We present the design, fabrication and characterization of cubic (3C) silicon carbide microdisk resonators with high quality factor modes at visible and near infrared wavelengths (600 - 950 nm). Whispering gallery modes with quality factors as high as 2,300 and corresponding mode volumes V ~ 2 ({\\lambda}/n)^3 are measured using laser scanning confocal microscopy at room temperature. We obtain excellent correspondence between transverse-magnetic (TM) and transverse-electric (TE) polarized resonances simulated using Finite Difference Time Domain (FDTD) method and those observed in experiment. These structures based on ensembles of optically active impurities in 3C-SiC resonators could play an important role in diverse applications of nonlinear and quantum photonics, including low power optical switching and quantum memories.

Radulaski, Marina; Mller, Kai; Lagoudakis, Konstantinos G; Zhang, Jingyuan Linda; Buckley, Sonia; Kelaita, Yousif A; Alassaad, Kassem; Ferro, Gabriel; Vu?kovi?, Jelena

2014-01-01T23:59:59.000Z

134

Visible Photoluminescence from Cubic (3C) Silicon Carbide Microdisks Coupled to High Quality Whispering Gallery Modes  

E-Print Network [OSTI]

We present the design, fabrication and characterization of cubic (3C) silicon carbide microdisk resonators with high quality factor modes at visible and near infrared wavelengths (600 - 950 nm). Whispering gallery modes with quality factors as high as 2,300 and corresponding mode volumes V ~ 2 ({\\lambda}/n)^3 are measured using laser scanning confocal microscopy at room temperature. We obtain excellent correspondence between transverse-magnetic (TM) and transverse-electric (TE) polarized resonances simulated using Finite Difference Time Domain (FDTD) method and those observed in experiment. These structures based on ensembles of optically active impurities in 3C-SiC resonators could play an important role in diverse applications of nonlinear and quantum photonics, including low power optical switching and quantum memories.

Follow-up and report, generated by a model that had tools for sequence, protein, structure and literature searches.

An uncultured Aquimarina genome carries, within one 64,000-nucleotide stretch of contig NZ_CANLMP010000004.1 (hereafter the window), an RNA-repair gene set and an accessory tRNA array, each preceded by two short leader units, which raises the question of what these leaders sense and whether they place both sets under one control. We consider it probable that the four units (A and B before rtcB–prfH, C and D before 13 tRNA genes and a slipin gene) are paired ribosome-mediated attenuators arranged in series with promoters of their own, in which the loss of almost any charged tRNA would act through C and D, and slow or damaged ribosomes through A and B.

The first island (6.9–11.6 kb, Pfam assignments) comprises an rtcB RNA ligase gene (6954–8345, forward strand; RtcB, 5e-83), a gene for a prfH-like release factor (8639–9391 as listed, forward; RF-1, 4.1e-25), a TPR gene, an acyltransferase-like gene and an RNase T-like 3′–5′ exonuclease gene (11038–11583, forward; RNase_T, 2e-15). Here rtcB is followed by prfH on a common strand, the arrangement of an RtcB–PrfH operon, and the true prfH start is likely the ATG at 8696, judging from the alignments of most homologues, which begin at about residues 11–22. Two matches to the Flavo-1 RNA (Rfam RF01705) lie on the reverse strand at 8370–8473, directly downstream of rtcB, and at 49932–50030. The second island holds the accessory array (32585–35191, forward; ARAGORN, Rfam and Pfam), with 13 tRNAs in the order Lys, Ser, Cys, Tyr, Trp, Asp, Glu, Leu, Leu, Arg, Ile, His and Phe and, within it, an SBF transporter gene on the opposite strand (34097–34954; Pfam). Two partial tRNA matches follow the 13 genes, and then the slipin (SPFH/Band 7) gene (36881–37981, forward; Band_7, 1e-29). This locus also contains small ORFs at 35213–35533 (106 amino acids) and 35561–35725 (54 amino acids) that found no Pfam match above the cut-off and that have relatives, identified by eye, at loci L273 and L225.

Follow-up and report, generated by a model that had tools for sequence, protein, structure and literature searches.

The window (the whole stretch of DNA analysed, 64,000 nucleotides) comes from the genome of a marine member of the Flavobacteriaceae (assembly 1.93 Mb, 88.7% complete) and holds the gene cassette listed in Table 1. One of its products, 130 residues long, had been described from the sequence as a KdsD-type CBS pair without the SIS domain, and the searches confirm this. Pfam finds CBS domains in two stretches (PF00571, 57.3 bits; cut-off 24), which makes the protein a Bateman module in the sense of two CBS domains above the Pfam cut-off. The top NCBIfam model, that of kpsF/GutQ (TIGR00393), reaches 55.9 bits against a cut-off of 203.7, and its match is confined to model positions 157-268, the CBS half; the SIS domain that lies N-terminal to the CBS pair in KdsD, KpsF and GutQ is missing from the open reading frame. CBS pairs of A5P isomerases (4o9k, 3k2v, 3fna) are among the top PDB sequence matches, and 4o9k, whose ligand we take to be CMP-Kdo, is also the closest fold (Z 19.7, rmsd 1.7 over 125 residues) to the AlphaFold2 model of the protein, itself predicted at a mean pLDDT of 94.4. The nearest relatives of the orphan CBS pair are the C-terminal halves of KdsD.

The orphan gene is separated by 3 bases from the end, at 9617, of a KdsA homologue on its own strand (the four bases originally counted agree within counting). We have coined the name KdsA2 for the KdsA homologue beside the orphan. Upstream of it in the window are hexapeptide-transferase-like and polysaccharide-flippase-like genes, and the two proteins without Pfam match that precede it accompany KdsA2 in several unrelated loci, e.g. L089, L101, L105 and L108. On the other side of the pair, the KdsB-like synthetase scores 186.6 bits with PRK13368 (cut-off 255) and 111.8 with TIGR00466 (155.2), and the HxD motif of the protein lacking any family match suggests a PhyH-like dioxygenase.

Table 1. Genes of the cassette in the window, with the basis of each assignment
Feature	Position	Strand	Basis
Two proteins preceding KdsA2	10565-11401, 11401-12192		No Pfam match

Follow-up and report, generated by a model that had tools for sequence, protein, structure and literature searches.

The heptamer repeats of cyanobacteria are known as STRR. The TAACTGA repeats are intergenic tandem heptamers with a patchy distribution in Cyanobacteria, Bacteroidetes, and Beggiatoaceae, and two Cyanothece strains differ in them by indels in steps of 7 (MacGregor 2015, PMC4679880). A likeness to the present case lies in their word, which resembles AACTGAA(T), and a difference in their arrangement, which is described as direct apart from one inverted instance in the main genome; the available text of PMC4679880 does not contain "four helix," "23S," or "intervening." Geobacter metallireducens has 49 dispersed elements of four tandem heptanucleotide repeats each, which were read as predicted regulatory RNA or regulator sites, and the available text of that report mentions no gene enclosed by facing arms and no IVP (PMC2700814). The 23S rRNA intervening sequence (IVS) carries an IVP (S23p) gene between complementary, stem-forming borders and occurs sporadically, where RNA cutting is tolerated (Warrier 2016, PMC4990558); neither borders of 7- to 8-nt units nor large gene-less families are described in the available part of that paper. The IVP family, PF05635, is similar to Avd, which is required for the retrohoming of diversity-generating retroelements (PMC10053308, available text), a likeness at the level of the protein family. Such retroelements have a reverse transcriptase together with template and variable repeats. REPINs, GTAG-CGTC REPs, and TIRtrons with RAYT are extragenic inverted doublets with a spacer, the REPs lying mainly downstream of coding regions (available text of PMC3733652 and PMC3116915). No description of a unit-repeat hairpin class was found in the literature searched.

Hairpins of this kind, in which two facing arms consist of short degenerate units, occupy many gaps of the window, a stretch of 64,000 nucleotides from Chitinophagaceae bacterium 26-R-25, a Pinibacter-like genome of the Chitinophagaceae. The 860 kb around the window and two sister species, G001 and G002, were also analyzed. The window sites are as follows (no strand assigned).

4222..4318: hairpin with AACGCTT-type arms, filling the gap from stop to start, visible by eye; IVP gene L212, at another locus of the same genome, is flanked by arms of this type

Marina Radulaski; Thomas M. Babinec; Kai Mller; Konstantinos G. Lagoudakis; Jingyuan Linda Zhang; Sonia Buckley; Yousif A. Kelaita; Kassem Alassaad; Gabriel Ferro; Jelena Vu?kovi?

2014-12-08T23:59:59.000Z

135

EMERGING INFRARED LASER ABSORPTION SPECTROSCOPIC  

E-Print Network [OSTI]

CHAPTER 4 EMERGING INFRARED LASER ABSORPTION SPECTROSCOPIC TECHNIQUES FOR GAS ANALYSIS Frank K detection and monitoring of molecular trace gas species in the mid-infrared spectral region be- cause many of the infrared laser source. Well established detection methods include several types of multipass gas absorption

136

Quantitative nondestructive testing using Infrared Thermography  

E-Print Network [OSTI]

turbine blade . . . . . . . . . . FLIR TM A320G InfraredTable 1.1: Specifications of the FLIR TM A320G InfraredInfrared Camera: A FLIR TM A320G Infrared camera was used

Manohar, Arun

2012-01-01T23:59:59.000Z

137

The Infrared Ca II lines in Sunspot Umbrae  

E-Print Network [OSTI]

We present an empirical working model for sunspot umbrae which equally describes observed continuum intensities and line profiles. The wings of the infrared Ca II lines depend sensitively on the temperature gradient at -0.6 umbra and are thus insensitive to parasitic light. It is also shown that the infrared K I 7699 line is suitable for umbral spectroscopy since it is not seriously blended, its continuum is well defined and it is less influenced by parasitic light as compared to lines in the visible spectrum, due to the smaller umbal contrast. Calculations show that the umbral gradient dT/d(tau), required to fit the Ca II triplet lines, strongly conflicts with the observed profiles of K I 7699, NaD2 and Fe I 5434 (g=0), even when assuming vanishing Fe II lines for a maximum correction of parasitic light. It is shown that the discrepancy from the different line pr...

Kollatschny, W; Wiehr, E; Fallipou, M A

2012-01-01T23:59:59.000Z

138

Infrared Maximally Abelian Gauge  

E-Print Network [OSTI]